• That you moved up the landing schedule form Monday morning (EDT) to Friday.
    It is not the eve of the landing.
    I am not playing grammar Nazi. There are likely grammatical errors in my post.
    But as a news outlet, can we get facts right?????

    By the way, the landing will be shown live on a jumbo-tron in Times Square!
    http://www.space.com/16863-mars-rover-landing-nasa-events.html [space.com]

    • First of all, it's not grammar; it's semantics, so you're safe.

      Secondly, "on the eve of" can have both a literal and an idiomatic or "poetic" meaning, as in the song "Eve of Destruction". It means "about to happen"
  • by Anonymous Coward on Thursday August 02, 2012 @05:49PM (#40861681)

    Reading the article leads me to the conclusion that Mr. Bolden pretty much represents everything I consider wrong with NASA. Instead of bold or inspiring visions, he appears to be thinking small and doing small, which is pretty much the opposite of what I would expect from a NASA administrator. Yes, sure, resources are always a constraint and not everything that would be cool can be done but he actively avoids even contemplating going beyond his quite limited horizon.

    For starters, regarding Mars he says that it should be an international mission, which is not a bad choice per se, however, international projects are very difficult to pull off effectively. There will inevitably be bickering who pays how much, which country gets how many jobs and whose astronauts will be going. It's basically the issue of senators bringing in the pork via NASA but on a bigger (international) scale. Just negotiating the terms of such cooperation can take as long as the project itself and can easily exceed a decade (for comparison, see ITER which has been on the drawing board well over a decade before the international consortium green-lit it).

    So, international projects make things more complicated and they take longer. Sure, you get all the feel-good humanity thing and the cost is born by a larger base but the frictional costs are much higher. Nevertheless, I would've given him a pass on it if he hadn't said that the "U.S. cannot always be the leader". I'm sorry, but why not? I'm not even an American but if I were and the resources could be mustered, why not go ahead, saving the decade-long negotiation cycle? To me, this sounded like an excuse not to do it at all by postponing it indefinitely ("We're working on it, look, we're already negotiating the terms for 5 years straight now!")

    However, what really shocked me was his answer what he would do given an unlimited budget. That question was a softball to float some bold ideas to the public about what could be done. He could have suggested space habitats, moon/asteroid bases, thousands of robotic missions to map out the solar system, even more modest goals like developing new rockets and other lift capabilities. Instead what we get is literally "nothing". He would "complete Obama's plan" and "not use the extra money". In essence, he has no ideas at all and is only capable to follow instructions handed to him. I'm rather sure even NASA's janitorial staff has more creativity than that.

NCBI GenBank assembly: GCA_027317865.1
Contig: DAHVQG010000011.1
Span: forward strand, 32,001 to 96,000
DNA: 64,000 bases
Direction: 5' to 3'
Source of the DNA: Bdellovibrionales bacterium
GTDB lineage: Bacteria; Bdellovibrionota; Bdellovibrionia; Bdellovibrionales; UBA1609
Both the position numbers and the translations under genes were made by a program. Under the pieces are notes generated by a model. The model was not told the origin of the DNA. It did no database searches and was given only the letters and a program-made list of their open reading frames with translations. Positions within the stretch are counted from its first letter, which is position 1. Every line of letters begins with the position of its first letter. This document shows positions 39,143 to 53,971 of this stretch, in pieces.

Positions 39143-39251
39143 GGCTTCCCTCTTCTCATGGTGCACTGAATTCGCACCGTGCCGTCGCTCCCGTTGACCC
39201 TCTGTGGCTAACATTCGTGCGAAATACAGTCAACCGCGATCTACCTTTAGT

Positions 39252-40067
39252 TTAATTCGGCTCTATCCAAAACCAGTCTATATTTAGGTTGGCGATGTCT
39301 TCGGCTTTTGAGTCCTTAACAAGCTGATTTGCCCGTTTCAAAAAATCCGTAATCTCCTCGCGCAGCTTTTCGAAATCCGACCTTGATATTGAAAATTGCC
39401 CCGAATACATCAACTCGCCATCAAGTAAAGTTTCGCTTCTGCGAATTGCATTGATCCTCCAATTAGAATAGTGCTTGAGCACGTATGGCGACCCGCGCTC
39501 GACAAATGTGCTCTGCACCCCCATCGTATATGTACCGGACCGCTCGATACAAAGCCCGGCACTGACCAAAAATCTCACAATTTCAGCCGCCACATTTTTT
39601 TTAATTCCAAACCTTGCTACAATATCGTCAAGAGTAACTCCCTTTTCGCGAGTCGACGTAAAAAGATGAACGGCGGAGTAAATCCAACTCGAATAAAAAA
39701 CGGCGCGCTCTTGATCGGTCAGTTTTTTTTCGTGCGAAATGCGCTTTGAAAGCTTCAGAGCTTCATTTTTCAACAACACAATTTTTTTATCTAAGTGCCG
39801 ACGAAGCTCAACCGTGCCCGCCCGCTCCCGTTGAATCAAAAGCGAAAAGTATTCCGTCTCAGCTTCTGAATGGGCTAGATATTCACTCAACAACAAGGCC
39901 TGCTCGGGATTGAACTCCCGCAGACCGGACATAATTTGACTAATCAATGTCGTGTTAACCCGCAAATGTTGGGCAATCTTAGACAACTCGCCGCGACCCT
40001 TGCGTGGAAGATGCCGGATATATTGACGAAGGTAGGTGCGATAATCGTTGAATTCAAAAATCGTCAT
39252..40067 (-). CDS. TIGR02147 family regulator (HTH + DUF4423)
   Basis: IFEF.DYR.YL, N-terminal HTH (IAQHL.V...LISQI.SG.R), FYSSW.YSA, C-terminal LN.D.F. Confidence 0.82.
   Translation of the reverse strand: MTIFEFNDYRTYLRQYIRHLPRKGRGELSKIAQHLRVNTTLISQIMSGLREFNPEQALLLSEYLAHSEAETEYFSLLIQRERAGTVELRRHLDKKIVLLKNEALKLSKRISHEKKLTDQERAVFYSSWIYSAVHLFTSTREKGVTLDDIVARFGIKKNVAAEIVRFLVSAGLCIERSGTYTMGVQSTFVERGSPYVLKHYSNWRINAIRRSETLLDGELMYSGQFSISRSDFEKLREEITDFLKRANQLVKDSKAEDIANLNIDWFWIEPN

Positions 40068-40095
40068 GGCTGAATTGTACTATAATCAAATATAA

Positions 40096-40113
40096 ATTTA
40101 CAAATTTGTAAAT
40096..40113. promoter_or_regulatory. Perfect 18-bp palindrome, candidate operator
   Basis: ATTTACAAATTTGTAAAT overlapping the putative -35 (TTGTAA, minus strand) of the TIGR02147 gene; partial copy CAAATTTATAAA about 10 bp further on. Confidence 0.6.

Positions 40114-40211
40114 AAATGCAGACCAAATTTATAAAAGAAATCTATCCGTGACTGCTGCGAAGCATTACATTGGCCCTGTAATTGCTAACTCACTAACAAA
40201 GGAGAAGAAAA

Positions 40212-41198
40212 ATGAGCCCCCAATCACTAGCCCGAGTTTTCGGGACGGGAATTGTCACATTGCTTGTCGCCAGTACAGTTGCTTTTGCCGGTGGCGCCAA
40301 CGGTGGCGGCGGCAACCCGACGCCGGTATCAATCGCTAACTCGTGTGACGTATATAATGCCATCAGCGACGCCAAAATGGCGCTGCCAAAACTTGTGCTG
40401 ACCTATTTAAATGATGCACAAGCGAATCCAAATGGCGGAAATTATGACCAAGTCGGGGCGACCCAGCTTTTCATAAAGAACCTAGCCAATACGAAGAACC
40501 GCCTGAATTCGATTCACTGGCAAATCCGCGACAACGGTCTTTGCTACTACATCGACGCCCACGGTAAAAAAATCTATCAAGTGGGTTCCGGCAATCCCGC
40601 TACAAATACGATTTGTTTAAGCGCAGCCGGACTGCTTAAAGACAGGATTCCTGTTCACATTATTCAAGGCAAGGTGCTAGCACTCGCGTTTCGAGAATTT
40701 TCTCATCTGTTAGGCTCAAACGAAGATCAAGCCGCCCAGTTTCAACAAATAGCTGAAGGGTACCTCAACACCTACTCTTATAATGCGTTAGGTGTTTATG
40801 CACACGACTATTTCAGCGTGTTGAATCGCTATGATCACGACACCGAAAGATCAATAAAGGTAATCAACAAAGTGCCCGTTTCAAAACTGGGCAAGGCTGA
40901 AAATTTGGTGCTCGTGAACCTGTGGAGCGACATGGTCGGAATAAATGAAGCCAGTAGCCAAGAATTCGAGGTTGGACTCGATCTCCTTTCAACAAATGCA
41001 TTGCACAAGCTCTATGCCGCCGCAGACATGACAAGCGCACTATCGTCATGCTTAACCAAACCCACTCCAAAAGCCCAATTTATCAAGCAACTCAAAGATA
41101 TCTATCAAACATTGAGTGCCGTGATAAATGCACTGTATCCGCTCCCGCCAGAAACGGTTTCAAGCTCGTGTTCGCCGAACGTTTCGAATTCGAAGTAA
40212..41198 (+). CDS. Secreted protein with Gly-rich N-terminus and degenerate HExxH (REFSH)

• by geegel ( 1587009 )

      +1 Painful truth

    • by khallow ( 566160 )
      Well, we had a visionary right before Bolden. His vision was give lots of money to ATK. At this point, I think we'll see the real action from the private world. The national programs are all pretty screwed up.
  • "Back"? (Score:5, Funny)

    by John Hasler ( 414242 ) on Thursday August 02, 2012 @06:05PM (#40861855) Homepage

    The Chinese are not beating the USA "back to the moon". They are going for the first time. The USA has already beaten them by more than forty years.

  • More then likely, SpaceX will beat them to Mars.

    • Re: (Score:2, Insightful)

      by WindBourne ( 631190 )
      And the moon unless the neo-cons continue to try to kill off private space. Even now, the republicans have cut a deal with NASA to fund 2.5 bids. However, the neo-cons are now attempting to tell NASA WHO will win those: ATK's Liberty will get 1, Boeing will get 1, and L-Mart will get .5. IOW, the neo-cons are attempting to cut out ALL of the new space, including SpaceX.
  • by ceoyoyo ( 59147 ) on Thursday August 02, 2012 @07:56PM (#40862927)

    Given an unlimited budget, he'd just do what he was told, go to Mars, and not do anything else. No matter what else he's done, that makes it sound like NASA needs a leader with some vision, not an administrator who simply carries out political commands.

  • I find it incredibly sad that the organisation I looked up to as a UK child (NASA) are pretty much falling from grace due to funding issues, and a lack of imagination by the powers that be. Yes, the North American Space Agency inspired this child from the UK. NASA, back in my day, were something to look up to, the pride of the WORLD - they were my Space Agency too even though they're from the USA, because they were doing stuff that no-one, not even the Soviets, could manage .... and now? Now that NASA have
  • They'll mess it up royally. And no, I'm not being racist or patriotic or any other thing you'll throw at me. And I'm not hoping anyone dies or anything like that. It's that China wants to make a big push into space for some reason. The US and the Soviet Union did that back in the 60s, and a whole lot of bad stuff happened to both countries. Why? Because we were in "The Space Race." Even Cracked.com did an article on the Soviet's hushed up failures. So let someone else test out the technology before

To do two things at once is to do neither. -- Publilius Syrus